Funding differences may block integration, conference told

The way health and social care is funded is the central problem
in ensuring the services are integrated, according to a health
policy analyst from the Royal College of Nursing,
writes Katie Leason.

Health and social care are funded from two different streams
– with health via central taxation and social care often
means tested – and “bringing these two together is going to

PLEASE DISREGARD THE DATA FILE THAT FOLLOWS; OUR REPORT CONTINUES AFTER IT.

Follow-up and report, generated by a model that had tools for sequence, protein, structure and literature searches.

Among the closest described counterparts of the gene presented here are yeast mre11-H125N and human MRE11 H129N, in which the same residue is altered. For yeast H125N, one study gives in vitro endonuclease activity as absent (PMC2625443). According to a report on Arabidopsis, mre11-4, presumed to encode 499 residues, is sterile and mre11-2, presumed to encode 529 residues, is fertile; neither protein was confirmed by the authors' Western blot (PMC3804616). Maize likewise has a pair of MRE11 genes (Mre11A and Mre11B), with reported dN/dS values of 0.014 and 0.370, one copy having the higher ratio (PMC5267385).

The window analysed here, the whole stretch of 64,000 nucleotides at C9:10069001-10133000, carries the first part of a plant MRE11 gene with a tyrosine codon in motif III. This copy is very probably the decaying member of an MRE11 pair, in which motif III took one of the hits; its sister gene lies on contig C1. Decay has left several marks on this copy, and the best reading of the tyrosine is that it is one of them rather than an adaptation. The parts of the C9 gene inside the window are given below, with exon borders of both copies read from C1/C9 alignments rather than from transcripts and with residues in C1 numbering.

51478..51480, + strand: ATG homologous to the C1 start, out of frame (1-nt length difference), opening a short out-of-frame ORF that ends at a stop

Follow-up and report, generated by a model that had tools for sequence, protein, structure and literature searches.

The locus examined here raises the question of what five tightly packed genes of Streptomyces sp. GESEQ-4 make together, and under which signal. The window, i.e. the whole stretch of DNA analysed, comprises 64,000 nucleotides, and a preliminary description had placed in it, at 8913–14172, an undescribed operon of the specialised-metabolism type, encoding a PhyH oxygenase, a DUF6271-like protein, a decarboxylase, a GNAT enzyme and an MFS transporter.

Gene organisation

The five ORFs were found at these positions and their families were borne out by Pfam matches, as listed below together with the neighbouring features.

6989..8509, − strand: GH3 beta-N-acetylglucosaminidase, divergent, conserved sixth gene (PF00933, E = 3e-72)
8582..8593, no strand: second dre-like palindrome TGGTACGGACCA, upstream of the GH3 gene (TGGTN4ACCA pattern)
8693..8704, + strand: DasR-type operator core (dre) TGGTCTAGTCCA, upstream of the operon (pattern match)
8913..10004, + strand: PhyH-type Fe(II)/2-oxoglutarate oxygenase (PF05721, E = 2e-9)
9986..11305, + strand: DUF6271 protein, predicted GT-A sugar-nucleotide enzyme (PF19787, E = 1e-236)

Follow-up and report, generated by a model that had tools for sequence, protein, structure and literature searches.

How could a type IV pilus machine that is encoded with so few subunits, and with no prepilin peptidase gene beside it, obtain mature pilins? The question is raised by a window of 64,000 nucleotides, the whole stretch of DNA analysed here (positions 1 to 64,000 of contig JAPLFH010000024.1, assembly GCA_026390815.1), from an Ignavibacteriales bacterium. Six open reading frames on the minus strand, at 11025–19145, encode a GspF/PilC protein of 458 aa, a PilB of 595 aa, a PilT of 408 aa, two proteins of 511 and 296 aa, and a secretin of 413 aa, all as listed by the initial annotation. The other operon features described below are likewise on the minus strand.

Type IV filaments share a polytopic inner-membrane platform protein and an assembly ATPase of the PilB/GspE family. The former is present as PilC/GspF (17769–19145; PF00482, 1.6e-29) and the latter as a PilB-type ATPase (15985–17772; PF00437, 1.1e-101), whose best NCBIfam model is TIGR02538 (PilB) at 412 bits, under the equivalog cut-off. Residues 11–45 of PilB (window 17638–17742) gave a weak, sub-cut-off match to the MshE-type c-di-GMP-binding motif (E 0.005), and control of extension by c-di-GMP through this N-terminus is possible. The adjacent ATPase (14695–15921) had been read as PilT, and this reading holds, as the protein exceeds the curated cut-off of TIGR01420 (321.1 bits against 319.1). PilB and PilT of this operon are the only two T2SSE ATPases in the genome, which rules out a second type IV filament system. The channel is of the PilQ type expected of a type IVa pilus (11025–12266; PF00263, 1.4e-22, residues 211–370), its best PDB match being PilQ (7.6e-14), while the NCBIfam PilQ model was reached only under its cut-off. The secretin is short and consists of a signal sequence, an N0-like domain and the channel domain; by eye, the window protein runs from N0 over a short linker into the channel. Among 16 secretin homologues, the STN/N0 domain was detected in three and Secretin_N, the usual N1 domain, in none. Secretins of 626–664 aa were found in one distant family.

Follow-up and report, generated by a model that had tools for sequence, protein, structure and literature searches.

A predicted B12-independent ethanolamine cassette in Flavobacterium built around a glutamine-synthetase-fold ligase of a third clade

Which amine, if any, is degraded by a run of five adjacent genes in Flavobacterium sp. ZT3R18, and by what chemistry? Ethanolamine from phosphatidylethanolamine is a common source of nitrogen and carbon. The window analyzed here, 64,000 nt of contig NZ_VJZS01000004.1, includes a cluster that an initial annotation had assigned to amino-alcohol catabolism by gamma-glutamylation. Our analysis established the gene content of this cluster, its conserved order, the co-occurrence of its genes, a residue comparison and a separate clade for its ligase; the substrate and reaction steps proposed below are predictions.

be the critical challenge in integrating health and social care”,
Helen Caulfield told a London conference.

She added that it is currently “unclear” as to how bringing
together health and social care will make a difference to the

Moving towards integration with social care is “problematic” for
staff on top of other structural changes, and it is difficult to
see how a true partnership between health, social care and
independent providers can be achieved, said Caulfield.

Care trusts have not taken off in the way that the government
had hoped, she added, with enormous transaction costs involved in
producing a care trust, and no additional government funding.



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